And, as the industry’s current downturn has shown, employers are especially looking for geoscientists with diverse skillsets who can “lane shift,” or transition to other needs of their organization, Keane said.
Many might be surprised at the backgrounds of some of today’s new hires.
“The oil industry is hiring graduate-level volcanologists and statistical paleo-biologists. They know how to deal with statistics and probability,” Ryan said. “It’s all about being able to show what you have learned and using it to useful ends.”
Pedagogy and Use of Technology
The JSG summits revealed that effective methods for instilling the desired skills and competencies are readily available to geoscience educators. These include collaborative and integrative projects that involve teams, interdisciplinary projects, fieldwork and research experiences, Mosher said.
Educators also should more vigorously incorporate technology, visualization, simulation, modeling and analysis of data into students’ education, as appropriate.
Active and experiential learning are heavily stressed practices. “Today, looking information up is easy,” Mosher said. “But students have got to be able to use it. They have got to be assigned projects that require access to real data and solve real problems.”
Students also need to better understand broad concepts. Ryan recalled “a complete consensus among industry representatives that understanding the Earth’s climate system is critical, including what climate is, how it works, and the hydrologic, atmospheric and solar system phenomena that are affecting climate change. Where are we teaching this? It’s actually littered across the curriculum – it’s not a focus. How do we connect all this content for students?”
He continued, “Department heads need to start discussions with their faculties to get them to recognize and think about what is happening at the program level, not just in their courses. And students need to understand this just as well as the faculty do. They need to know what the outcomes of their education should be, to properly select their courses and internships.”
Preparation of K-12 Science Teachers
Large numbers of geoscientists are projected to retire in the next several years, and at the same time, the number of geoscience jobs is expected to grow, reports AGI. Filling this gap will be a challenge.
“There are a lot of geoscience departments that are at risk,” Summa said. “There are declining enrollments because the geosciences are not viewed as critical on some university campuses.”
Geoscience teachers at the primary and secondary levels are key to planting seeds of interest and boosting the number of geoscience majors, Mosher said.
“Only a small percentage of middle and high school students take a geoscience course, but it can be covered in many science classes.” Mosher said. “Better preparation of teachers is essential so they can instill an interest in geoscience careers.”
There also is a need for universities to produce more geoscience teachers. High schools that offer introductory geoscience courses and general education courses with geoscience components could be effective in recruiting future geoscience teachers.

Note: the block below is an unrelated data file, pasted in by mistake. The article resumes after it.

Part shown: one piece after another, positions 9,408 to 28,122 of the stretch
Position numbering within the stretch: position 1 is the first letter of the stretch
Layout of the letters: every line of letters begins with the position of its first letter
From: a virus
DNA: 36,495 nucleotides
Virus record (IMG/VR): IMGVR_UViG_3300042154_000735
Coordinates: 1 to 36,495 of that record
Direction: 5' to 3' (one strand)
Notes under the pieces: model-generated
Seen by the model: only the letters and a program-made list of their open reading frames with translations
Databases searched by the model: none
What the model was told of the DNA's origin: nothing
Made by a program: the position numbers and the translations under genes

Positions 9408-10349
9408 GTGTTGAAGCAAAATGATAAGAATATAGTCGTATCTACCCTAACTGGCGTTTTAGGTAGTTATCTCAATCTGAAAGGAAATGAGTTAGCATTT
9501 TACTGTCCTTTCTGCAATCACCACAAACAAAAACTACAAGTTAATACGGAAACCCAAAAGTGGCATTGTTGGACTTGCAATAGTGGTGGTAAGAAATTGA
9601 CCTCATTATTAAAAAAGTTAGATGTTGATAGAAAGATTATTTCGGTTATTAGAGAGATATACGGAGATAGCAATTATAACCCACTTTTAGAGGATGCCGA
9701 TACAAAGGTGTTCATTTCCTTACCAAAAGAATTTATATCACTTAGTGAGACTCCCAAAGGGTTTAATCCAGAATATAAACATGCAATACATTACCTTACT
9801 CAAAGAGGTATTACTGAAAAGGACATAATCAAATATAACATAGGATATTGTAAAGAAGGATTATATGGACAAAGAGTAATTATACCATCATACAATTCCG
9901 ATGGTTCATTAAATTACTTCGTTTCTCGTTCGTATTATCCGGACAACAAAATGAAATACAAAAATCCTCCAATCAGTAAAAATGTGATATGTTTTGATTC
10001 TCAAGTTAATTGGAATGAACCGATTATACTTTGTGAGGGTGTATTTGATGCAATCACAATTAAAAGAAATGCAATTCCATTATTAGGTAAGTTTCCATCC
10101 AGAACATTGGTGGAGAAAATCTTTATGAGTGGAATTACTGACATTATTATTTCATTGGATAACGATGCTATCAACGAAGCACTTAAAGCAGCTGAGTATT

Furthermore, two-year colleges are playing an increasingly important role in the education of undergraduates – a fact that makes increased collaboration and curriculum alignment between two- and four-year colleges “imperative,” she added.
It was also agreed that exposing future geoscience teachers to collaborative fieldtrips and research experiences would allow them carry their experiences into their own classrooms to inspire students.
“Participants were very enthusiastic about returning to their departments and incorporating new strategies,” Mosher said of the summits. “All were encouraged to be ambassadors and tell others about the emerging community vision for undergraduate geoscience education and to help them implement that vision.”
Department heads and chairs developed action plans for their institutions and have been submitting progress reports to Mosher, who has been regularly following up with universities to track changes being made based on the summit’s findings.
Most report progress with evaluating and revising their curricula. They found the feedback from the summits “very useful,” and some have encouraged and incentivized professional development for their faculty, resulting in increased usage of active learning, Mosher said.
AGI is assisting by working with summit organizers to develop a vision and change the document and toolkit based on the summit outcomes. They are currently in the draft stage and will be sent to geoscience departments across the country, Keane said.
The vision and change document will address a variety of issues, from the demands on future geoscientists, to the curricula and pedagogical transformations needed to improve student outcomes, to reframing what the educational journey of a geoscientist looks like – all the way through their career. The toolkit will provide actionable assets to assist departments, faculty, and students in implementing change, Keane added.
“What is important is that students are prepared to continue to learn as the geosciences grow and change and as the students’ interests and employment change,” Mosher said. “The perception of what a geoscientist is and does must be broadened.”